Each mirror, as shown in FIGS. 3 and 4, has a generally zig-zag shape with a pair of rectangular offset portions 31, and 32 offset to either side of an axis 33 when connected with a center rectangular portion 34 aligned with the axis 33 and connecting the offset portions 31 and 32. The offset portions 31 and 32 are also offset from a transverse axis 35 and has one mirrored surface which is adhesively attached on either side to the brackets 25 and 26 which are attached to the frame members 16 and 17 to form a series of faceted surfaces around the rotatable frame 15. Each mirror is mounted so that each other mirror has an offset portion adjacent the offset portion of the mounted mirror on the opposite side of the axis 33 so that each mirror is aligned with the next mirror on the next planar surface of the rotating frame assembly 15. The mirror assembly advantageously allows a return beam from a bar code scanner, such as a double x scanning pattern, to be reflected off the offset portions 31 and 32 where they are positioned to maximize and equalize the return signal. The offset "z " shape allows the return signal to be equalized and are positioned to allow a maximum return which is balanced in amplitude. The outgoing beam can be reflected off the center portion 34 to allow the outgoing and return laser beams to use the same scanning mirror assembly while creating the desired scanning pattern and while allowing for the rapid adjustment to the mirrors in the mirror scanning assembly.
It should be clear at this point that a mirror assembly for a bar code scanner has been provided for use in a double x bar pattern or other predetermined configuration for scanning bar codes. However, the present invention is not to be construed as limited to the forms shown which are to be considered illustrative rather than restrictive.
|Cited Patent||Filing date||Publication date||Applicant||Title|
|US4493989 *||Apr 28, 1982||Jan 15, 1985||Hampson Alfred A||Container end-code redemption scanning|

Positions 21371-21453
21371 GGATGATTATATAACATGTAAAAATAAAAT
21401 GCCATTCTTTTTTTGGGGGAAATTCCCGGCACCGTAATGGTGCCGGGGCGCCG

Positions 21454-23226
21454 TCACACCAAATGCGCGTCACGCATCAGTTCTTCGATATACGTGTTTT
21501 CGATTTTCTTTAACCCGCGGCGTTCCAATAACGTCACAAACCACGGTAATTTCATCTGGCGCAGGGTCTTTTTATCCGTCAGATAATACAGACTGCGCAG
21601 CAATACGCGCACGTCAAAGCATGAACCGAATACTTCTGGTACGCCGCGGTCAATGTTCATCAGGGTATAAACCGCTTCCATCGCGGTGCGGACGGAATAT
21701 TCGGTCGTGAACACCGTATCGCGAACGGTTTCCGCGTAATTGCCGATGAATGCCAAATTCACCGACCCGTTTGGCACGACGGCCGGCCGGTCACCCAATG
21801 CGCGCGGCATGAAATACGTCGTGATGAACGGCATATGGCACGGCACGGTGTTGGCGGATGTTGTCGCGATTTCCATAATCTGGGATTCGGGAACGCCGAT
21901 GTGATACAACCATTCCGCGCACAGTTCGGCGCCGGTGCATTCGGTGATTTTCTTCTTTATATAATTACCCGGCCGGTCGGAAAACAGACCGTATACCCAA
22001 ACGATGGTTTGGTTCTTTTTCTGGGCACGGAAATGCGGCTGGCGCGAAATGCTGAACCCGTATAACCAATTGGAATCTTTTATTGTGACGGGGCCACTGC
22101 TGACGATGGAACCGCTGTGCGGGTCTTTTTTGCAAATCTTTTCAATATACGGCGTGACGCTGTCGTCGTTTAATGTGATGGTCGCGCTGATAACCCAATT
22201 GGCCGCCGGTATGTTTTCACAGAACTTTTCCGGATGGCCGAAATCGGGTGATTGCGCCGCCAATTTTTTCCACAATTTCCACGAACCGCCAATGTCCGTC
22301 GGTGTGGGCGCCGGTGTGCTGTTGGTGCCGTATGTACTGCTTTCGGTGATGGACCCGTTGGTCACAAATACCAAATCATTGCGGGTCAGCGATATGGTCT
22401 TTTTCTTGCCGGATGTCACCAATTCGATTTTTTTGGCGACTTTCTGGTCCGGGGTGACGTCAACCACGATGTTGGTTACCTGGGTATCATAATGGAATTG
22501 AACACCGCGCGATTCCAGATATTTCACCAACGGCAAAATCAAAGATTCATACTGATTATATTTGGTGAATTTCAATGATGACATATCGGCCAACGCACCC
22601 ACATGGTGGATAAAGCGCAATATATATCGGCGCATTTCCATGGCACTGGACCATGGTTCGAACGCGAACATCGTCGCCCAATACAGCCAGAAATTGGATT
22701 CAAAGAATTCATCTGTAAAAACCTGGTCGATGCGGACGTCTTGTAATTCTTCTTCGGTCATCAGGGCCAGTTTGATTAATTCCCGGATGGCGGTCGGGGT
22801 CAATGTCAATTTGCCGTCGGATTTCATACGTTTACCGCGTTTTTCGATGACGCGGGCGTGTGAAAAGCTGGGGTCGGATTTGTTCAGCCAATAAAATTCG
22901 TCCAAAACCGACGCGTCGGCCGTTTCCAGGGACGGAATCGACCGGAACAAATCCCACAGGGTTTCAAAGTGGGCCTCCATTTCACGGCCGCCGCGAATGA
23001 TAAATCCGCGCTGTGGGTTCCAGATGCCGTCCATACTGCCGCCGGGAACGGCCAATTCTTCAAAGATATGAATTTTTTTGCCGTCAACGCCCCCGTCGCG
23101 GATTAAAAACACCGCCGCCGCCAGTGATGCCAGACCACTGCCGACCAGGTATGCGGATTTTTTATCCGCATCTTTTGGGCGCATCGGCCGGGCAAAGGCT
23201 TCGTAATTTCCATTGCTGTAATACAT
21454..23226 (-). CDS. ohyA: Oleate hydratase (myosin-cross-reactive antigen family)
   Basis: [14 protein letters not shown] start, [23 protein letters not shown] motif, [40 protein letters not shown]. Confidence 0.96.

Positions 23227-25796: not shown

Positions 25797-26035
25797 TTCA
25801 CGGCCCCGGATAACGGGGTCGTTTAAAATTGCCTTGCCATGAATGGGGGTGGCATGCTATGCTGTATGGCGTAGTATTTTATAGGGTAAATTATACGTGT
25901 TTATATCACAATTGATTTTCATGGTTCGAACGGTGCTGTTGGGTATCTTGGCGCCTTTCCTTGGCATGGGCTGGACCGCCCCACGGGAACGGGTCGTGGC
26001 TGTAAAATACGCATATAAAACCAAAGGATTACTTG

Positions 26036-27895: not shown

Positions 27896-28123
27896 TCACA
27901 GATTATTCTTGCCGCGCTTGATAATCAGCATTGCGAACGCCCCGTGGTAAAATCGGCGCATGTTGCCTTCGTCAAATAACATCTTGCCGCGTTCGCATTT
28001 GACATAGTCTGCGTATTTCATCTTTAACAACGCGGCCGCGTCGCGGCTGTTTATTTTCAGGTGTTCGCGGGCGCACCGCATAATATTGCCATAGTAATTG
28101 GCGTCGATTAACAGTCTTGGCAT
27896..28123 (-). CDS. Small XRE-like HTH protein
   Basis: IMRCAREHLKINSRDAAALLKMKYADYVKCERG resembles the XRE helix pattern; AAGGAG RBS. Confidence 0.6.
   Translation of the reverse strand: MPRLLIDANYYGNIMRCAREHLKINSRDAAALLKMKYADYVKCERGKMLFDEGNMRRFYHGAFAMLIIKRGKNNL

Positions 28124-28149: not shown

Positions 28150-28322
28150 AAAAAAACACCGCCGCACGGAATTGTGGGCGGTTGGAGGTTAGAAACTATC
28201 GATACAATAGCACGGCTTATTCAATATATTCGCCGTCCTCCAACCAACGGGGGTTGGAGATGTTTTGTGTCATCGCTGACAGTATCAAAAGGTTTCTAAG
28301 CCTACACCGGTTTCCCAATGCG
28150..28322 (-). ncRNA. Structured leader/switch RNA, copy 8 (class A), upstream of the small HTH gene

|US4871904 *||Dec 28, 1987||Oct 3, 1989||Symbol Technologies, Inc.||Multidirectional optical scanner|
|US4938551 *||Nov 29, 1988||Jul 3, 1990||Tokyo Electric Company, Ltd.||Light-scanning reader|
|US4971410 *||Jul 27, 1989||Nov 20, 1990||Ncr Corporation||Scanning and collection system for a compact laser|
|Citing Patent||Filing date||Publication date||Applicant||Title|
|US5979761 *||Nov 14, 1997||Nov 9, 1999||Accu-Sort Systems, Inc.||Bar code laser scanner having a plurality of adjustable mirrors|
|EP0874328A2 *||Apr 23, 1998||Oct 28, 1998||Kabushiki Kaisha TEC||Bar code scanning apparatus|
|EP1003050A2 *||May 13, 1994||May 24, 2000||Cargoscan A/S||Light beam deflecting apparatus|
|U.S. Classification||235/462.39, 235/462.43|
|Nov 13, 1989||AS||Assignment|
Owner name: LAZERDATA CORPORATION
Free format text: ASSIGNMENT OF ASSIGNORS INTEREST.;ASSIGNORS:SINGH, ISHWAR;SENKEVICH, WILLIAM;DALEY, WILLIAM;REEL/FRAME:005174/0981
Effective date: 19891020
|Jan 12, 1993||CC||Certificate of correction|
|May 6, 1994||FPAY||Fee payment|
Year of fee payment: 4
|Sep 12, 1996||AS||Assignment|
Owner name: FLEET BANK, NEW YORK
Free format text: SECURITY AGREEMENT;ASSIGNORS:PSC, INC.;PSC ACQUISITION, INC.;SPECTRA-PHYSICS SCANNING SYSTEMS, INC.;AND OTHERS;REEL/FRAME:008133/0346
Effective date: 19960712
|Oct 21, 1998||FPAY||Fee payment|
Year of fee payment: 8
|Feb 13, 2001||AS||Assignment|
Owner name: FLEET NATIONAL BANK, AS ADMINISTRATIVE AGENT, RHOD
Free format text: SECURITY INTEREST;ASSIGNORS:PSC AUTOMATION ( FORMERLY LAZERDATA CORPORATION);OPTEL SYSTEMS LIMITED;OPTICAL STORAGE INTERNATIONAL;AND OTHERS;REEL/FRAME:011474/0204
Effective date: 19960712
|Feb 5, 2002||AS||Assignment|
Owner name: SICK, INC., MINNESOTA
Free format text: ASSIGNMENT OF ASSIGNORS INTEREST;ASSIGNORS:PSC INC.;PSC AUTOMATION INC.;REEL/FRAME:012598/0619
Effective date: 20010713
|Jun 10, 2002||AS||Assignment|
Owner name: SICK, INC., MINNESOTA
Free format text: ASSIGNMENT OF ASSIGNORS INTEREST;ASSIGNOR:PSC INC., FORMERLY KNOWN AS LAZERDATA CORPORATION;REEL/FRAME:012967/0814
Effective date: 20010713
|Sep 24, 2002||FPAY||Fee payment|
Year of fee payment: 12
|Dec 29, 2003||AS||Assignment|
Owner name: PSC INC., OREGON
Free format text: RELEASE OF SECURITY INTEREST;ASSIGNOR:LJ SCANNER HOLDINGS, INC., AS SUCCESSOR IN INTEREST TO FLEET NATIONAL BANK (A/K/A FLEET BANK), AS ADMINISTRATIVE AGENT;REEL/FRAME:014926/0809
Effective date: 20031223